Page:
For intellectual historian Louis Menand, the Cold War gave rise to prospects and paradoxes in America, and Art was given status through essential criticism.
As a critic of both films and literature, Matthew Specktor has a balanced touch that keeps the scales even in his memoir, Always Crashing in the Same Car.
Is misandry the best response to male misogynists? In I Hate Men, Harmange argues that a form of misandry is necessary for women's survival.
Fran Lebowitz's ubiquitous little smirk is still going as strong as it ever did because—and this is why she is sexier now than she was 50 years ago—there is really just no way whatsoever to make her feel bad about herself.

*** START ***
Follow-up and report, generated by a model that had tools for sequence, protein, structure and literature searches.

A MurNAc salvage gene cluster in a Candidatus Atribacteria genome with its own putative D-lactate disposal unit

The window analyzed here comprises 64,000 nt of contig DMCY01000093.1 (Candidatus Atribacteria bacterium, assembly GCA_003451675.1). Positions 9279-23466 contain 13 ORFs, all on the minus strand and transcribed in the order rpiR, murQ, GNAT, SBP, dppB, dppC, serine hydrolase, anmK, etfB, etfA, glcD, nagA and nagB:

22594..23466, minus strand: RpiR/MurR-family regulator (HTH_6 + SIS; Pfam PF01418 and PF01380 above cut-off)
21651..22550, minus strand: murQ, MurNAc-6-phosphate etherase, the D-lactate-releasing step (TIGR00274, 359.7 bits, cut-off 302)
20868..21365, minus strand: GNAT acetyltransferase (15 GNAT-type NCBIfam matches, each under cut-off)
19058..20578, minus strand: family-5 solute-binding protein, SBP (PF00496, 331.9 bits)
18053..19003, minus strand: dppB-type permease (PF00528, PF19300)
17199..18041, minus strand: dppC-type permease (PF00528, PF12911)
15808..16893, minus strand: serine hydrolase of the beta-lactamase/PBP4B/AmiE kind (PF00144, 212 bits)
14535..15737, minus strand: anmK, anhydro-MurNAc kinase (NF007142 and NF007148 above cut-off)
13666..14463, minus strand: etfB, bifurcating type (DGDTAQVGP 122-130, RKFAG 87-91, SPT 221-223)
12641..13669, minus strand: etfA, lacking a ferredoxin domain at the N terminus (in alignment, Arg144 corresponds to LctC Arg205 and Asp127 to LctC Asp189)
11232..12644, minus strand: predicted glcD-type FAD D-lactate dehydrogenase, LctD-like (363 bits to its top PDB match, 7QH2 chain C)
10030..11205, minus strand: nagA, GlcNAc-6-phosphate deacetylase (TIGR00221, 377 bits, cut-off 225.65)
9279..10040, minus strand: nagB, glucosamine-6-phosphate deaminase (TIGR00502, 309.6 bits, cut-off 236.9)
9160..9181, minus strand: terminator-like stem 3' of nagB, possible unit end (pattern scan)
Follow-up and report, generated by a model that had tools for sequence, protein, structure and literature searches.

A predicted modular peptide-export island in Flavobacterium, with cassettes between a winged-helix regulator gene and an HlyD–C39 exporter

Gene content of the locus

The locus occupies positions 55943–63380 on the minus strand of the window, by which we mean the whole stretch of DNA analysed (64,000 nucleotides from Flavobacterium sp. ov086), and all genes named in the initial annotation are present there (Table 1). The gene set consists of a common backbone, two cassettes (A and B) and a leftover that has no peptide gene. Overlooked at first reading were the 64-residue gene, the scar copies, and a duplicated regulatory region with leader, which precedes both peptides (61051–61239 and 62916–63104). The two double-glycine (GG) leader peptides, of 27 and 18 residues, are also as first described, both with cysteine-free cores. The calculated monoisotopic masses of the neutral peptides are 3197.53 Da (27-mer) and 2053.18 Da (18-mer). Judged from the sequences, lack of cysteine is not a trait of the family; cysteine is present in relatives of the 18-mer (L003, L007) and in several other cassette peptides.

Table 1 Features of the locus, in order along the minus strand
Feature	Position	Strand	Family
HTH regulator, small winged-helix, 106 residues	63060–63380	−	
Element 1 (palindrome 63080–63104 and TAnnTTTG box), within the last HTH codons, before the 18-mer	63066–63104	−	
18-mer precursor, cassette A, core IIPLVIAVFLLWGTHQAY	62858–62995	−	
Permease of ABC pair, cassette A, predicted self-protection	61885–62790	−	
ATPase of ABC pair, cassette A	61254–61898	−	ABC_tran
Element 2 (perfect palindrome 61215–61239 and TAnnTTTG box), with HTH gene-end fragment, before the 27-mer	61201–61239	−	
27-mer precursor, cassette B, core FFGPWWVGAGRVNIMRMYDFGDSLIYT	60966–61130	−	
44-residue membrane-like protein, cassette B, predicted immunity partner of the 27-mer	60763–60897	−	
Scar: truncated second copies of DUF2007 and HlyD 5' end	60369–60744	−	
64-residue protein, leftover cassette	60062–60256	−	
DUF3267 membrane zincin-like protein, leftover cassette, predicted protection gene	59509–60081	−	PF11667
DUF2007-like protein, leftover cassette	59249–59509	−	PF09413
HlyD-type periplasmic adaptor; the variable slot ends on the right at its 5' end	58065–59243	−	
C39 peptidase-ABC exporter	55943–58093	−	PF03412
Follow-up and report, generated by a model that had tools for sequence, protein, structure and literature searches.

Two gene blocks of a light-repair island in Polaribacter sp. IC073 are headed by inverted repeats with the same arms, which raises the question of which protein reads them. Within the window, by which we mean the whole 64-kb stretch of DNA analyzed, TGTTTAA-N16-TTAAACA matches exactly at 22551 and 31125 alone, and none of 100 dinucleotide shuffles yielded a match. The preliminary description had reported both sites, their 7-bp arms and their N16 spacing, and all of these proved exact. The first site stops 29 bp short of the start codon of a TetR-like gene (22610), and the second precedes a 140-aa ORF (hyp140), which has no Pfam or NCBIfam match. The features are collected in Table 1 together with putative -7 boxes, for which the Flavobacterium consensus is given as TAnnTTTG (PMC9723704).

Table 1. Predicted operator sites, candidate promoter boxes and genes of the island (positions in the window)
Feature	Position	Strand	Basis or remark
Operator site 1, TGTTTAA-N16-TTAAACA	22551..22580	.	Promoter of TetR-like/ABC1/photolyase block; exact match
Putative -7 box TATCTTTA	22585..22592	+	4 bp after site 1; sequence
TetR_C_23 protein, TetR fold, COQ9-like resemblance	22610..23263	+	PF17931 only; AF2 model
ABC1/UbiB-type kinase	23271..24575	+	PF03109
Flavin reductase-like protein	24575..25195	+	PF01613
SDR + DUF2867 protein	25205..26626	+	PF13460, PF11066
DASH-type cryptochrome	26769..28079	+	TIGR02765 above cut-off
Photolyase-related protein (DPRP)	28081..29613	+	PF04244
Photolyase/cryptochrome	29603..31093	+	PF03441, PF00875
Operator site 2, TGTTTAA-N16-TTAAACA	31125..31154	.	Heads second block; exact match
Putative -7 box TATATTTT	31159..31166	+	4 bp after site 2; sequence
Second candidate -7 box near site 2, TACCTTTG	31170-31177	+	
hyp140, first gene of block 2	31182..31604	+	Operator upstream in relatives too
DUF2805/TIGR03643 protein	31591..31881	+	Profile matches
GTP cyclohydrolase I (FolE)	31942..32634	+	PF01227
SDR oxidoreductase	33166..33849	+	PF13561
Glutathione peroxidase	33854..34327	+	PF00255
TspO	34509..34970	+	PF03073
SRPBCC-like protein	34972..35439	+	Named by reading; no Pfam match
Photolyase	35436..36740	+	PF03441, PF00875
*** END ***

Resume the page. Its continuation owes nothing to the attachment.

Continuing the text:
Zadie Smith's Intimations is an essay collection of gleaming, wry, and crisp prose that wears its erudition lightly but takes flight on both everyday and lofty matters.
Riffing off Marx's riff on Hegel on history, art historian and critic Hal Foster contemplates political culture and cultural politics in the age of Donald Trump in What Comes After Farce?
What is the meaning of diversity in today's world? Russell Jacoby raises and addresses some pertinent questions in his latest work, On Diversity.
If Greta Van Fleet are that wonderful horrible thing called zeitgeisty, that zeitgeist is defined by desire to escape to a fantasized past where the battles were cleaner and the battle lines simpler than today's appear to be.
Fatima Bhutto discusses her new book on pop culture from the Global South, which goes above and beyond, among other things, the "sluggish, bloated, less urgent" films dominating Hollywood.